FranklinIs Connected

DNA’s Top Priority Is Saving Theater

DNA’s Top Priority Is Saving Theater

The Downtown Neighborhood Association (DNA) has listed saving the Franklin Cinema as its number one priority for 2007-08.

Discouraging commercial encroachment into residential areas, working closely with the Historic Zoning Commission, advocating for the Streetscape economic development project, and monitoring planning for a new City Hall are the neighborhood organization’s other top five priorities.

DNA, the neighborhood association of the original 15-block area of historic downtown Franklin, is hosting a fish fry September 8 to encourage the public to meet all of the mayoral and aldermanic candidates in the October Franklin city election, followed by a candidates forum September 13 in the Franklin City Hall board room.

The public is welcome at both events.  Admission to the 6 p.m. fish fry September 8 at the home of Joy and John Morris, 204 Third Avenue South, is $15 per person, while admission to the candidates forum 6 p.m. September 13 is free.

“Regardless of where we live in Franklin, we care deeply about your neighborhood, and we want elected representatives who will protect and improve life in that neighborhood,” said David Morris, DNA president.

“We’re hosting these two candidate events because we want to ensure that our mayor and aldermen share our passion about keeping Franklin one of the best places to live in America.”

“Our historic neighborhood is particularly fragile because of the delicate balance of residential, commercial, and governmental uses, but every neighborhood in Franklin, new or old, cares about preserving Franklin’s quality of life,” said Morris.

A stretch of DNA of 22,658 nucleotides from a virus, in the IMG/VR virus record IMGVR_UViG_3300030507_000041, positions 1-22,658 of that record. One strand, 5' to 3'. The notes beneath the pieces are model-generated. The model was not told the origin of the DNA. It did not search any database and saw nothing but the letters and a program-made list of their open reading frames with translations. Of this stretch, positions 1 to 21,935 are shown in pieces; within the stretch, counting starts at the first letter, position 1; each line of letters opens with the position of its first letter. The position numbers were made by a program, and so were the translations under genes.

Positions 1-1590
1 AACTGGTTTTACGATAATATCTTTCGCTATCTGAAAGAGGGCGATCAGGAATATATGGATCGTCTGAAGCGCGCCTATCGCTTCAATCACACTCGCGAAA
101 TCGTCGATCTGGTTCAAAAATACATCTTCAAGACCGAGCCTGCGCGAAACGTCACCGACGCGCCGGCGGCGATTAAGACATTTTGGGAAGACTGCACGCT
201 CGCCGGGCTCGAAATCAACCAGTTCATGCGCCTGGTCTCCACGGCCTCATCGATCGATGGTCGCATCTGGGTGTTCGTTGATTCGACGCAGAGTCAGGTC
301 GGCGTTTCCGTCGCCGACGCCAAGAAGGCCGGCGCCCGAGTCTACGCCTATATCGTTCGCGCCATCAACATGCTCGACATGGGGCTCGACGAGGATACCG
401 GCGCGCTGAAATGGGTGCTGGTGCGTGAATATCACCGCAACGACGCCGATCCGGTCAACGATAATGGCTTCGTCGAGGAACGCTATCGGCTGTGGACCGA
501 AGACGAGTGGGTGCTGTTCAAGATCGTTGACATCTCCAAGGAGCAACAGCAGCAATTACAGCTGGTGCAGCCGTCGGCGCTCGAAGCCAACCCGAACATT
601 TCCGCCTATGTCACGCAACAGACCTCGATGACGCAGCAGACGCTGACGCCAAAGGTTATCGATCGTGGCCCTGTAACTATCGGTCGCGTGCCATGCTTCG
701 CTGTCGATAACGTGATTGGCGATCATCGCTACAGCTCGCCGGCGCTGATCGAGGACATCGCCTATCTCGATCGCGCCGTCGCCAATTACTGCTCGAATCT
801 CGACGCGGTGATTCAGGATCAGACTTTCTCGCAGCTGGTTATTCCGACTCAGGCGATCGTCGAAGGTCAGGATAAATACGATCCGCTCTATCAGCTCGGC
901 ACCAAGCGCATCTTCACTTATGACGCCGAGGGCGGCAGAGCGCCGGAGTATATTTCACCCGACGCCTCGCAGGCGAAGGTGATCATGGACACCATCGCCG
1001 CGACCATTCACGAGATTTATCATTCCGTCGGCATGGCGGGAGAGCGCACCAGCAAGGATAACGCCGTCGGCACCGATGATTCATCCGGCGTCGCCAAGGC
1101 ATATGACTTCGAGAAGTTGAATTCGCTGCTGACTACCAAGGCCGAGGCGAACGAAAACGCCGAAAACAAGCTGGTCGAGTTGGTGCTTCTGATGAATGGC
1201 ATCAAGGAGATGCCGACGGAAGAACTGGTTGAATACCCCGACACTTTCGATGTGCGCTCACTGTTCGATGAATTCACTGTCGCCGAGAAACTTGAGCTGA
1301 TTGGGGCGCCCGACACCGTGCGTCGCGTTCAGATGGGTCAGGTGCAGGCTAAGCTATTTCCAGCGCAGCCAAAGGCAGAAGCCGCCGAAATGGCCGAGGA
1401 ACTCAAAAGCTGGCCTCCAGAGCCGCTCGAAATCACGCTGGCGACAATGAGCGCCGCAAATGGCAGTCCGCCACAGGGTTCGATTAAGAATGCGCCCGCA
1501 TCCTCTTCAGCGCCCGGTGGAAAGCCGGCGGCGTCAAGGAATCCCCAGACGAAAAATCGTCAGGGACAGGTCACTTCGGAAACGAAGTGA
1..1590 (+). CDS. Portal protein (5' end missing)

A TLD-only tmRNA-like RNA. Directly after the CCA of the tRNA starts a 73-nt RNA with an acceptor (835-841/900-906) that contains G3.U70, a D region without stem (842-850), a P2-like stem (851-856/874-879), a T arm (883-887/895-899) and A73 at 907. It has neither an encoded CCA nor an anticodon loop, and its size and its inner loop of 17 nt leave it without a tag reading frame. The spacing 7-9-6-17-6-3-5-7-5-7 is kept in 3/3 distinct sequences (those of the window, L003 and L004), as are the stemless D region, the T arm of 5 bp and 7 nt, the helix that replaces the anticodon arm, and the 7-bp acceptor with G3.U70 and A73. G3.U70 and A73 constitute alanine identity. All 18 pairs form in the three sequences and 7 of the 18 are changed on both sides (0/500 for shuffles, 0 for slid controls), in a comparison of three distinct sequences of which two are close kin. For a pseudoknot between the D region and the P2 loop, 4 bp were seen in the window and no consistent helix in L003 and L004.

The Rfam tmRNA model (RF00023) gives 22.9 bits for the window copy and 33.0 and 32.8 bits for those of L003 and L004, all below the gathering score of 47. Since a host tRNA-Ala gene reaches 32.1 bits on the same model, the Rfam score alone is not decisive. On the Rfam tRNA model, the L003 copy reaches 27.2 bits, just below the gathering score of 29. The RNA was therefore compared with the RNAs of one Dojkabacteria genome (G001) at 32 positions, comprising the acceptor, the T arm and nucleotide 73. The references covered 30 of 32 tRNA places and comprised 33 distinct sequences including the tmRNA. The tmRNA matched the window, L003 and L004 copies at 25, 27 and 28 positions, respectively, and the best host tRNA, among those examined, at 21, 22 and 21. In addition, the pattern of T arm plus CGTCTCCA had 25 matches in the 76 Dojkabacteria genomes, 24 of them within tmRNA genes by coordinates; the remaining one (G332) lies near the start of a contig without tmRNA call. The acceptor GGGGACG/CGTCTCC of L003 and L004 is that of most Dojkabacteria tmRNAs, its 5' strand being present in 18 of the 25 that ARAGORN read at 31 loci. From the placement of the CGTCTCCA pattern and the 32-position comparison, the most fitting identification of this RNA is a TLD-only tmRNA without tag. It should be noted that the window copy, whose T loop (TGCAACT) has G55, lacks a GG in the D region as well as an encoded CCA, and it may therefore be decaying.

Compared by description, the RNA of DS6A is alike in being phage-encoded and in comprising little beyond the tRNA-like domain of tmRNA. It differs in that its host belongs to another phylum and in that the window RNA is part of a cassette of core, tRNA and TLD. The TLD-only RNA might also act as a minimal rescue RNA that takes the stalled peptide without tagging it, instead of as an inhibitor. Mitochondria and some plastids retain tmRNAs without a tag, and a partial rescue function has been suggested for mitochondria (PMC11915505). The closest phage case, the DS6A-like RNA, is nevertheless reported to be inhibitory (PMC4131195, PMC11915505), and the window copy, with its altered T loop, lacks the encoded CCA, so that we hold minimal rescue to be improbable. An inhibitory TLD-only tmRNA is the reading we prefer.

As voted on by the full DNA membership, the DNA’s 2007-08 priorities are as follows:

1.  Cinema: Continue to work closely with the Heritage Foundation and interested
individuals and businesses to encourage re-opening  of Franklin Cinema.

2.  Discourage commercial encroachment:   Discourage the further encroachment of
commercial uses into downtown neighborhood/ encourage the expansion of
residential uses downtown.

3.  Historic Zoning:   Continue to work closely with the Historic Zoning Commission
encourage appropriate renovation, infill construction, and additions downtown.

4.  Streetscape:  Continue to advocate for the ongoing funding of Streetscape.

5.  City Hall:  Continue to monitor meetings of the city Building Committee to insure
appropriate redevelopment and new construction on the City Hall site, including
appropriate temporary city headquarters.

The purpose of the DNA, which is now celebrating its tenth anniversary year, is to help residents of Franklin’s original 15-block downtown area exercise greater control over the economic, political, environmental and social forces that influence our way  of life; to promote understanding among property owners, residents, government and business interests; to foster neighborhood identity and a sense of community; to cooperate and affiliate in appropriate ways with other local, state and national organizations having compatible goals.